Peter Zijlstra is an assistant professor of Molecular Plasmonics in the research group for Molecular Biosensing for Medical Diagnostics, a joint group of the TU/e departments of Applied Physics and Biomedical Engineering. He develops approaches for single-molecule sensing with the aim to study individual biomolecules in complex environments. In particular, his research focuses on single-molecule detection using plasmonic and fluorescent approaches. His research group combines concepts from single-molecule microscopy, plasmonics, and biochemistry, to study the properties and interactions of biomolecules at the single-molecule level. Research themes of the Zijlstra group are Nanoparticle functionalization; developing protocols to covalently functionalize plasmonic nanoparticles with biomolecules.Molecular plasmonics; investigating the coupling between single molecules and plasmons to enhance single-molecule signals.Label-free single-molecule biosensing; developing next-generation biosensing principles based on plasmonic nanoparticles.
Peter Zijlstra studied Applied Physics at the University of Twente (Enschede, The Netherlands), where he obtained his MSc degree in 2005. In 2009, he received his PhD from Swinburne University of Technology (Melbourne, Australia), where he studied the photothermal properties of single plasmonic nanoparticles with applications in optical data storage. After a postdoctoral fellowship in the lab of Prof. Michel Orrit at Leiden University (The Netherlands) he moved to Eindhoven University of Technology (TU/e, The Netherlands). Since 2012, he is an assistant professor, currently in the research group Molecular Biosensing for Medical Diagnostics (departments of Applied Physics and Biomedical Engineering). He is a core member of the Institute for Complex Molecular Systems at TU/e, wherein groups from different disciplines (chemistry, physics, biomedical engineering, mathematics) collaborate on multidisciplinary research topics.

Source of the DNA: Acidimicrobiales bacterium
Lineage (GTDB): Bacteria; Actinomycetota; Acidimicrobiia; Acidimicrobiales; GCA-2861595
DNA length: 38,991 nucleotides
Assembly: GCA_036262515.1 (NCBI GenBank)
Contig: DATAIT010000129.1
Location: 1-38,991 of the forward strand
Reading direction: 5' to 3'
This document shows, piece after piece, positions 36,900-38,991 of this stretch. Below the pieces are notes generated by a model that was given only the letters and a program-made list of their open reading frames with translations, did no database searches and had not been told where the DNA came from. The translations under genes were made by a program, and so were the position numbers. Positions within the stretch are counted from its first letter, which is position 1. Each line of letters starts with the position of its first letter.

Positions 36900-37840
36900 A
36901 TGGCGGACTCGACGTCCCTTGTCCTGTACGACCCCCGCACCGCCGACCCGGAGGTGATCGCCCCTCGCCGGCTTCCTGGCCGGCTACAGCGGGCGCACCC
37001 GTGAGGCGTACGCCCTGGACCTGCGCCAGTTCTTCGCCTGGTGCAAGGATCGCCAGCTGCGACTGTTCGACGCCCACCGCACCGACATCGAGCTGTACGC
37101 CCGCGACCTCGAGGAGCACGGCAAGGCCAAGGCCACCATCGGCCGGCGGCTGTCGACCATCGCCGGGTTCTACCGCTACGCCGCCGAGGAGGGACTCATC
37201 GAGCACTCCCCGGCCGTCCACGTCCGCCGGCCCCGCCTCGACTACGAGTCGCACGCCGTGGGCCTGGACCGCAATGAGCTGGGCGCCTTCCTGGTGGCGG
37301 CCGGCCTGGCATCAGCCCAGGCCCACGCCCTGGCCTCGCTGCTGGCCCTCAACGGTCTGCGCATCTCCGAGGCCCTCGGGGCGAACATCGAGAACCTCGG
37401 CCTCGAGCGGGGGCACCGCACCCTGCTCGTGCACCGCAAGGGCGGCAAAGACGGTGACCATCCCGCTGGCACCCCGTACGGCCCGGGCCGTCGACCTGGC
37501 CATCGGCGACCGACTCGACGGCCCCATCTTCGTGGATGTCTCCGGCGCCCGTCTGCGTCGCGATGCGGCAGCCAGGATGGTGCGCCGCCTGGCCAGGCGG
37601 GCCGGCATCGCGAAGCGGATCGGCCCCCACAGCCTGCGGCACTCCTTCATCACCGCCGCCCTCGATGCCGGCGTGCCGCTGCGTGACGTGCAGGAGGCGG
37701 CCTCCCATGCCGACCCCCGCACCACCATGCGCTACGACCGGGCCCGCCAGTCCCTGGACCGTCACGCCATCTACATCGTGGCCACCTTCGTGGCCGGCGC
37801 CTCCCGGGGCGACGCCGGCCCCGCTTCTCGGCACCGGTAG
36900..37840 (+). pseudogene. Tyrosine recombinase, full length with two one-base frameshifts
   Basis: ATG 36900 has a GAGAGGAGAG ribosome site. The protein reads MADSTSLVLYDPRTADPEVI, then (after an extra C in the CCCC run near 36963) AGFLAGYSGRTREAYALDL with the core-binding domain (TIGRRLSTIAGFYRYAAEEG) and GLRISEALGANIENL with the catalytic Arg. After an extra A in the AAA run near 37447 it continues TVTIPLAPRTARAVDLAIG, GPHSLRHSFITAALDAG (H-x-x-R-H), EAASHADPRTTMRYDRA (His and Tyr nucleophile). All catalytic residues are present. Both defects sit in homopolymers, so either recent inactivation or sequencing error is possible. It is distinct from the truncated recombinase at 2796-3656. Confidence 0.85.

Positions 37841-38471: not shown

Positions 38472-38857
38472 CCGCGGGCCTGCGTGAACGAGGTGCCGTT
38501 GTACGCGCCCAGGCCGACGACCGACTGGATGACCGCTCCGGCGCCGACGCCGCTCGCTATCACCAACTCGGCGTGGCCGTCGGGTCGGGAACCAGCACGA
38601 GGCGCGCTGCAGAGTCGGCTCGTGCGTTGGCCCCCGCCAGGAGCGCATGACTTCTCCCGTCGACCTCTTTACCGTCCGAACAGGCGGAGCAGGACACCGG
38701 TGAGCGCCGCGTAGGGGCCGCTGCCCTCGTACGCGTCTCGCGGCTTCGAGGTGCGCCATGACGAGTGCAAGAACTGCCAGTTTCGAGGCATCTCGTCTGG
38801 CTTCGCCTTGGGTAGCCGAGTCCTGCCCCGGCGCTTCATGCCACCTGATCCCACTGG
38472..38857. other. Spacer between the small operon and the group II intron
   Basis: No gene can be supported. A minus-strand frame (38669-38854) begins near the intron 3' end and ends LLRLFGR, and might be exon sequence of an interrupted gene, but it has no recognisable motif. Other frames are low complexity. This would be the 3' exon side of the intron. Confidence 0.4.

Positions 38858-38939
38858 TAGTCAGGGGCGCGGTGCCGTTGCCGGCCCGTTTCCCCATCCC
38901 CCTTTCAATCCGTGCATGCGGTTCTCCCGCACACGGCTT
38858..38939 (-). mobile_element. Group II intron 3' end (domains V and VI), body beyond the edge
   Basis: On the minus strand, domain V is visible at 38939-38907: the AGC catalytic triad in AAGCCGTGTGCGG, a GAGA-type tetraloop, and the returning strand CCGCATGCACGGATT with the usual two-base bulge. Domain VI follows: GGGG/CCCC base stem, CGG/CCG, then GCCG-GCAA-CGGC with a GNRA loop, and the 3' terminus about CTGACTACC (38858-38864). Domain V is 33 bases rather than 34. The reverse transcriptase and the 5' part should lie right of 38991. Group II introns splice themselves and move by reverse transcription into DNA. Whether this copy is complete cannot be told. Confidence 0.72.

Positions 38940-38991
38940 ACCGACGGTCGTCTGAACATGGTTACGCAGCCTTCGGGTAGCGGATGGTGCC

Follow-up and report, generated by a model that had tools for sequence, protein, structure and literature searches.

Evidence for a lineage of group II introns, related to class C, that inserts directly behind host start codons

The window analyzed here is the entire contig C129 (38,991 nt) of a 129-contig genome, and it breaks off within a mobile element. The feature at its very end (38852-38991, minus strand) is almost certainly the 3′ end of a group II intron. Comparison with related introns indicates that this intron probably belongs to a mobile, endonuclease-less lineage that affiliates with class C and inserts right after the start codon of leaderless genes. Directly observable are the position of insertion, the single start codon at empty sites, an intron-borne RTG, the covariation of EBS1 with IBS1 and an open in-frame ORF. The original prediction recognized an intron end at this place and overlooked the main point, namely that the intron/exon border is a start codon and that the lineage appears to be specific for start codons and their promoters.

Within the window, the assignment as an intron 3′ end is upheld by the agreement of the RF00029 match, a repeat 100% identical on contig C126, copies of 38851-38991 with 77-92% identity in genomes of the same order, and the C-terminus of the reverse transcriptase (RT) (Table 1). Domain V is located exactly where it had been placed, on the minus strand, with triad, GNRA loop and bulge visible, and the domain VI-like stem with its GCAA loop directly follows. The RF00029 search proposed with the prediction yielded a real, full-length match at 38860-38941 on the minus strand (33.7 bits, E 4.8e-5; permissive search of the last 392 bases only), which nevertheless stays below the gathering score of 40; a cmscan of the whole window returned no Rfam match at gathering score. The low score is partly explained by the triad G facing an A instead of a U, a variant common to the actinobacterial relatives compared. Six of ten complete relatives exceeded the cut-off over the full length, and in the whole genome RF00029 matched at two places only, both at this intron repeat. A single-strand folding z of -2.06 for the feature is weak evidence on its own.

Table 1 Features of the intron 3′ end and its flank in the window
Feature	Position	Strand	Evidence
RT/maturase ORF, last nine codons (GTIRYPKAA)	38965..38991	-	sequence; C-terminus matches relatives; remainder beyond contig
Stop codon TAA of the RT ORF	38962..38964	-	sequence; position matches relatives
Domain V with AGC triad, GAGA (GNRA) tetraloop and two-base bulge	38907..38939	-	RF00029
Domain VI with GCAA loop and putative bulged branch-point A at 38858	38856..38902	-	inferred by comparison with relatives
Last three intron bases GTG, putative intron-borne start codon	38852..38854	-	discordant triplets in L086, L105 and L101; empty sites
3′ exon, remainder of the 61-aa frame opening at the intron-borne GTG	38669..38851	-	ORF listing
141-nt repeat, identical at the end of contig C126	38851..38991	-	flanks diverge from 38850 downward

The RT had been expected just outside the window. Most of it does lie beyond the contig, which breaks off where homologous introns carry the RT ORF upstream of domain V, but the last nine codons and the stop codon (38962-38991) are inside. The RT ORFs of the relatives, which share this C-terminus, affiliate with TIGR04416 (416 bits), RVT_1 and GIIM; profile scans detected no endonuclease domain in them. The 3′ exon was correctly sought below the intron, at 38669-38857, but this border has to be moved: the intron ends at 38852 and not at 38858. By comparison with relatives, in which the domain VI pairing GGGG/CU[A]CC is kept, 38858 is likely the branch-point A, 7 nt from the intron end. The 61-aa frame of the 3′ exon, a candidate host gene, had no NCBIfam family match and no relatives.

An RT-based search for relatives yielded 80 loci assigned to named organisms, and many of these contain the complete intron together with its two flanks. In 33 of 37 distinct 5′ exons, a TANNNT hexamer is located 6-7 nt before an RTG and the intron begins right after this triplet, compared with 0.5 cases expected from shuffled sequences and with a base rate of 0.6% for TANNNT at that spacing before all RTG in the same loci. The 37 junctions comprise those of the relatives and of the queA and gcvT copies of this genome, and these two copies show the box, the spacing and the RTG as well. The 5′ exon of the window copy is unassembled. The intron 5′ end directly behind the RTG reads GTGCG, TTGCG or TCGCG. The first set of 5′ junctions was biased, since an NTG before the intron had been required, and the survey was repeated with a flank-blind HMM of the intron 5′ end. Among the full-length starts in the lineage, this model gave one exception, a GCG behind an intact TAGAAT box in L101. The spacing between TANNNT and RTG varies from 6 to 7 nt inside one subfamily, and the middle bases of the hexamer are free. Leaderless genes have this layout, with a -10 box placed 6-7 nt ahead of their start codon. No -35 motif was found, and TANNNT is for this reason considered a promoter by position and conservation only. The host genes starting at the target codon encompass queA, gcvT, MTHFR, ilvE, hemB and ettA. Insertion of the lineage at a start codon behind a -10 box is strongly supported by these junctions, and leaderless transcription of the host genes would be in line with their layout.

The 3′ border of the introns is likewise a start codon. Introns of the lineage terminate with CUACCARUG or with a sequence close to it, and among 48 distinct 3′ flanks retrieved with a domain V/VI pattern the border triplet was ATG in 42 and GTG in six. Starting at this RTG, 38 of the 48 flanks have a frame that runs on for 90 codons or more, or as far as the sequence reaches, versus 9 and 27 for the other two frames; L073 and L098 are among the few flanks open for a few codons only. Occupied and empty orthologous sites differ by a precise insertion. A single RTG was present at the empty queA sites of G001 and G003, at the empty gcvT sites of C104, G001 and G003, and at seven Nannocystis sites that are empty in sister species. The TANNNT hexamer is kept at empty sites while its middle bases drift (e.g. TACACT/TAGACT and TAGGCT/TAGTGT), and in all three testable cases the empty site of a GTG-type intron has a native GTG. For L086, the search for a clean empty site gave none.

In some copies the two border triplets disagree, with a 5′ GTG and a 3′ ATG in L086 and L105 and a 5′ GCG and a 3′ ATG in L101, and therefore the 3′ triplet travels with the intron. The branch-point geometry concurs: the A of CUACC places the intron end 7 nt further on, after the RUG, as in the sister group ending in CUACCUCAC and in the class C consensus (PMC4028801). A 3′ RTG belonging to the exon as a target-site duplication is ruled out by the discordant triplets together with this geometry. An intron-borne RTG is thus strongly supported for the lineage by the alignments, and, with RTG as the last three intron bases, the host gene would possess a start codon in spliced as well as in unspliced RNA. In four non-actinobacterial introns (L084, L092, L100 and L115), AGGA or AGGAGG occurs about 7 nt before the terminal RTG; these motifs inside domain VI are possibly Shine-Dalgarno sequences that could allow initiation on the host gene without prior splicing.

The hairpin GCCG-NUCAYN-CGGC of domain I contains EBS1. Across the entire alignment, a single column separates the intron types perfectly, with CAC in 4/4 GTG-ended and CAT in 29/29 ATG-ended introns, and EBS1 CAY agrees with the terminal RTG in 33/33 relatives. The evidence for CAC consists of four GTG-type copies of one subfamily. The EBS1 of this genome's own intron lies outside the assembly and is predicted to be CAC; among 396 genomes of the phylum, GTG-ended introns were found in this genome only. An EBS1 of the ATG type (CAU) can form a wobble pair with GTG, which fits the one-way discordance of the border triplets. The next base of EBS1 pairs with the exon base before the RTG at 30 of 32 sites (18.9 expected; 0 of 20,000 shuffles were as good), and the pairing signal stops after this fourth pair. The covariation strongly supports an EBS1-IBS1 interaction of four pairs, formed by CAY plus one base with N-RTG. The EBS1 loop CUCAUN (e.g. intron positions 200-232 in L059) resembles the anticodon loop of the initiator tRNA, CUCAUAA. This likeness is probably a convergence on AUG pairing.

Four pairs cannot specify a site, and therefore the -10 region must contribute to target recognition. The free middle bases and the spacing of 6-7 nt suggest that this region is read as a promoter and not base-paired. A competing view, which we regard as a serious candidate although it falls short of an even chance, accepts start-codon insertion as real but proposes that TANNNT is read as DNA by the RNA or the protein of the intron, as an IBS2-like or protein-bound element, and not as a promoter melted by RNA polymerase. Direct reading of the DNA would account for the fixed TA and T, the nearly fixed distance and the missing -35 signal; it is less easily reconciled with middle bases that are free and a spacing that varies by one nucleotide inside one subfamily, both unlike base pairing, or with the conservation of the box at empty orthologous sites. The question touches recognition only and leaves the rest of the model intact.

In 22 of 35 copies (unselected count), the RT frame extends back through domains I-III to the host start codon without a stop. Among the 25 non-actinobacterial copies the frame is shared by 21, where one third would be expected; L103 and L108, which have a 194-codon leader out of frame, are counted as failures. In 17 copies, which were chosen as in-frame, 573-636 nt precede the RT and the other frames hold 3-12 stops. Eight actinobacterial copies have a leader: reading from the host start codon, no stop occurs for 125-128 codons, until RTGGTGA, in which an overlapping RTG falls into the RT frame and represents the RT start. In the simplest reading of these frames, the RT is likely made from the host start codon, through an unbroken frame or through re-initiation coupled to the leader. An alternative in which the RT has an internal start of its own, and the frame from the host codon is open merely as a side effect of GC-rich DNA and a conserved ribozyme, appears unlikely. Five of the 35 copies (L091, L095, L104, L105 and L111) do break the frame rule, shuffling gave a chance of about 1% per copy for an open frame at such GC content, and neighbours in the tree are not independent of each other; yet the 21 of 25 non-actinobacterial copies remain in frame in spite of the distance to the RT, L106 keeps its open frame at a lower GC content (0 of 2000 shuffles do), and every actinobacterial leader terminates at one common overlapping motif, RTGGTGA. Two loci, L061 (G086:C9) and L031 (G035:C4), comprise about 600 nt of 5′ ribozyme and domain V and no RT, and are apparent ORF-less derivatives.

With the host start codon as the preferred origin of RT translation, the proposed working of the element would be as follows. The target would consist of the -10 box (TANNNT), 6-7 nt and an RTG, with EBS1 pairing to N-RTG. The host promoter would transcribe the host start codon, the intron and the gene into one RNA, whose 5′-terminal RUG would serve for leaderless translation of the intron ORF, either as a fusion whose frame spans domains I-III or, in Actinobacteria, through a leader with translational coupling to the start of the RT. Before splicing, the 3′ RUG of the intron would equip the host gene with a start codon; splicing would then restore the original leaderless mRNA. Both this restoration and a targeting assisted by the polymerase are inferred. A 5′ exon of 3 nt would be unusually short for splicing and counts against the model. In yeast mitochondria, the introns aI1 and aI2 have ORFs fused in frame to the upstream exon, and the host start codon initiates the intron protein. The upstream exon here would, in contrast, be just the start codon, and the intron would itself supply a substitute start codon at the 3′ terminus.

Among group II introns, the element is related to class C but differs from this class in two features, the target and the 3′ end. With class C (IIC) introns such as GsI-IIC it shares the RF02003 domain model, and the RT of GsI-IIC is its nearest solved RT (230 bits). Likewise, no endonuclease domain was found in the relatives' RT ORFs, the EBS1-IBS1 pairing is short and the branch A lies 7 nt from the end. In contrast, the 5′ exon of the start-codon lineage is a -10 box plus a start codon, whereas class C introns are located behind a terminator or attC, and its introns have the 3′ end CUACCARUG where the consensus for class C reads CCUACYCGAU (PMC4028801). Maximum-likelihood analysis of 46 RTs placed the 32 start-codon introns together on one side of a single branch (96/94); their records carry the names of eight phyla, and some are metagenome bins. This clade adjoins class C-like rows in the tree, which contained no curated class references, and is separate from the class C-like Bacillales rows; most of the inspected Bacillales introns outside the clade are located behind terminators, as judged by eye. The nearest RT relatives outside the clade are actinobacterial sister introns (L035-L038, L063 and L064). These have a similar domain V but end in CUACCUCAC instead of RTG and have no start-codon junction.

Spatially resolved sensitivity of single-particle plasmon sensorsJournal of Physical Chemistry C (2018)
All-optical imaging of gold nanoparticle geometry using super-resolution microscopyJournal of Physical Chemistry C (2018)
Heterogeneous kinetics in the functionalization of single plasmonic nanoparticlesLangmuir (2018)
Single-molecule plasmon sensingACS Sensors (2017)
Tip-specific functionalization of gold nanorods for plasmonic biosensing: effect of linker chain lengthLangmuir (2017)
- Applied physical sciences formal
- Bachelor final project Molecular Biosensing for Medical Diagnostiek
- Bachelor final project (10ECTS)
- Biophysical techniques
No ancillary activities